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Using a Peg Loom

Growing up, my parents always gave my brother and I a craft to do for Christmas. My husband and I have taken on that tradition ourselves and this year we got our family a peg loom.

Peg looms are a very simple loom design that are often seen in Waldorf kindergartens.  Comprised of a solid base with holes for removable pegs and pegs with a hole in the bottom for the warp to go through, the design really is very simple to make.  The great thing about peg looms is that you only put in as many pegs as you want the width of your project to be.

We got a large loom but started off on our first project with only a few pegs.  Putting the warp thread through the bottom you only have to weave in and out of the pegs back and forth.

When you are done the length you wish, you pull the pegs out slowly and pull the warp thread through carefully.  Then when all the warp threads are through the weft, you tie off their ends and you have your project.  We then felted our project by throwing it in our regular wash and drier and made it in to a doll pillow.

Because it is so simple to use, you can make a project in no time.  My daughter, who is three, made this project in 15 minutes with minimal guidance by herself.  You can make chair cushions out of roving, rugs, and coasters.  We love ours and are looking forward to more creative projects to come.



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This quote is a good one to remember on days like today (for me) so I thought I would share its beauty.


To laugh often and much;

To win the respect of intelligent people
and the affection of children;

To earn the appreciation of honest critics
and endure the betrayal of false friends;

To appreciate beauty;
To find the best in others;

To leave the world a bit better, whether by
a healthy child, a garden patch
or a redeemed social condition;

To know even one life has breathed
easier because you have lived;

This is to have succeeded.

Ralph Waldo Emerson

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Simplicity at Home- Simplifying Children’s Things; Part 3

In part one of this series we went over beginning to pare down children’s things, not involving them at first to make some tough decisions about what stays and what goes. We brought the children in in part 2, starting at the beginning with things coming in in the first place, and talked about how to involve  them in the simplifying process. Lastly I’d like to talk a little about setting up a child’s space to make what things we do decide to keep orderly and inviting for play.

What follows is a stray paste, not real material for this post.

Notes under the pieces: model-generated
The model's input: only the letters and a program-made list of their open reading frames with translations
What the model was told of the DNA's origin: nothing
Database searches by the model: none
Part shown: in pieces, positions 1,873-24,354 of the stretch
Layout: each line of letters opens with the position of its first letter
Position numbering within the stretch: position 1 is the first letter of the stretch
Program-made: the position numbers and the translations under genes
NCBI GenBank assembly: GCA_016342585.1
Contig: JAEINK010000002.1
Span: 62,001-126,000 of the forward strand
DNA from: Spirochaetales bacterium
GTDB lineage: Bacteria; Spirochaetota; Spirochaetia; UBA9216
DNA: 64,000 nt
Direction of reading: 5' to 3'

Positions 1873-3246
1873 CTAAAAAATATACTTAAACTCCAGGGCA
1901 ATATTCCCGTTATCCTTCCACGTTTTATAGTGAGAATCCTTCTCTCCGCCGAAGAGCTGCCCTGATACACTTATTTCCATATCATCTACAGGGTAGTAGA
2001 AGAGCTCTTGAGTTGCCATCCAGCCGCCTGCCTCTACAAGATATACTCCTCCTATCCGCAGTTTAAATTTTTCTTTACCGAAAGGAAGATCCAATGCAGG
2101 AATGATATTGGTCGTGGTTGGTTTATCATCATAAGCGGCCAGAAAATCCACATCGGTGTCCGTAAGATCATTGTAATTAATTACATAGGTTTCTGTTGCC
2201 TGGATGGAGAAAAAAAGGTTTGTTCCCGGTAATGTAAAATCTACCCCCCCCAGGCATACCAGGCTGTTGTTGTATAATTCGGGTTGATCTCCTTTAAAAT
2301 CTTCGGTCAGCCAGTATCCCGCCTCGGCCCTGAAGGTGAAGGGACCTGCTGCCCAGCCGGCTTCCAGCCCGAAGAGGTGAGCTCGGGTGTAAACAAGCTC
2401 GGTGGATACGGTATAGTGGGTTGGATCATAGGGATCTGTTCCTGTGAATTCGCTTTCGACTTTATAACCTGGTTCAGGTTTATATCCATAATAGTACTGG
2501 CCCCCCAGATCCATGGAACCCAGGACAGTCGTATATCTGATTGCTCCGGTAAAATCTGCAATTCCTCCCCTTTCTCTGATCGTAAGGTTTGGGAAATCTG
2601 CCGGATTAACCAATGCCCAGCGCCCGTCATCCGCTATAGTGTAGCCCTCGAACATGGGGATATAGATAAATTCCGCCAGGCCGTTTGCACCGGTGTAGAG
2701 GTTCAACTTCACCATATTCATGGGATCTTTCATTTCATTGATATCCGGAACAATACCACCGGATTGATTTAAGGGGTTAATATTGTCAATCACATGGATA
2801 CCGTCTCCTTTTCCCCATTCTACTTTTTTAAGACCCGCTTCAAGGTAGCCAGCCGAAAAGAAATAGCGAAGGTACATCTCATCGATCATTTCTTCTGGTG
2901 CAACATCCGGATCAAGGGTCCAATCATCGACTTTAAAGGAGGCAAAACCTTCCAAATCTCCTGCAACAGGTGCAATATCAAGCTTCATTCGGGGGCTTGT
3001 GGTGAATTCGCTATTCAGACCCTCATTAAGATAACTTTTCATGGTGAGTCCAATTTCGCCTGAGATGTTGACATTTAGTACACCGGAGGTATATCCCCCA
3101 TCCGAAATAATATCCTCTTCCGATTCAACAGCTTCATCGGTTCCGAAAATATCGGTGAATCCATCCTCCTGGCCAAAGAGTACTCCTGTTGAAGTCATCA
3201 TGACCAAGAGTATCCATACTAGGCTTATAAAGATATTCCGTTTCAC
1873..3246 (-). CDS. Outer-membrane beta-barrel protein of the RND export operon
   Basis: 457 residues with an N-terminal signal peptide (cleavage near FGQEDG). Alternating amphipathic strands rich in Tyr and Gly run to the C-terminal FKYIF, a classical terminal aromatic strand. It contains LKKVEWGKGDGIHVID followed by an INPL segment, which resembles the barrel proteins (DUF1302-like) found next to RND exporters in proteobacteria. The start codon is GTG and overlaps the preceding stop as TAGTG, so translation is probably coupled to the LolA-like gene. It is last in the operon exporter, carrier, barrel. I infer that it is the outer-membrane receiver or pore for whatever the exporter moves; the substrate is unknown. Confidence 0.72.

A child’s play is his work. I feel it’s very important to take my children’s play very seriously as this is where they follow my example and mimic the adult world.  The play space is where they work out things they’ve seen and taken in, where they bring life to new thoughts and ideas. I can see their growth ‘played out’ in their play, as they take on and delegate roles. Instead of keeping their things ‘out of the way’ in their bedroom or a separate play room, I’ve given them a key room in the house that is very nearly the central room. It’s a little room just between the living room and kitchen and open to both of these rooms. While I make breakfast I can see them in their own kitchen and they bring me bowls full of ‘cookies’ and mugs full of ‘coffee’. As I work in the living room they play happily with their animals or their dollhouse, and can see me all the while.

Now, just up front, before you say that that’s all fine and dandy if you’ve got the room, you should know that we have  a very, very, very small house. We have a living room, kitchen with a tiny dining area, bathroom, two bedrooms, and this room in the middle of everything that is probably the biggest room in our small house (and it’s not a very big room). So, if we’re so hard-pressed for space why did we give our girls the central room? Sure, I could have  used that room for my business space or an extra bedroom. But, like I said,I take my children’s play very seriously and my observation has been that their play is more plentiful, more peaceful, and more focused when it is close by the adults. Previously all of their things were kept in their room. They made huge messes, they fought incessantly, they scattered their things about the house in an attempt to bring their play to where everyone else was and many, many things were played with very little. Now, the bulk of their toys are in this main room. In their bedroom are just some of their personal toys they prefer not to share and the box I spoke in the last part of part 2.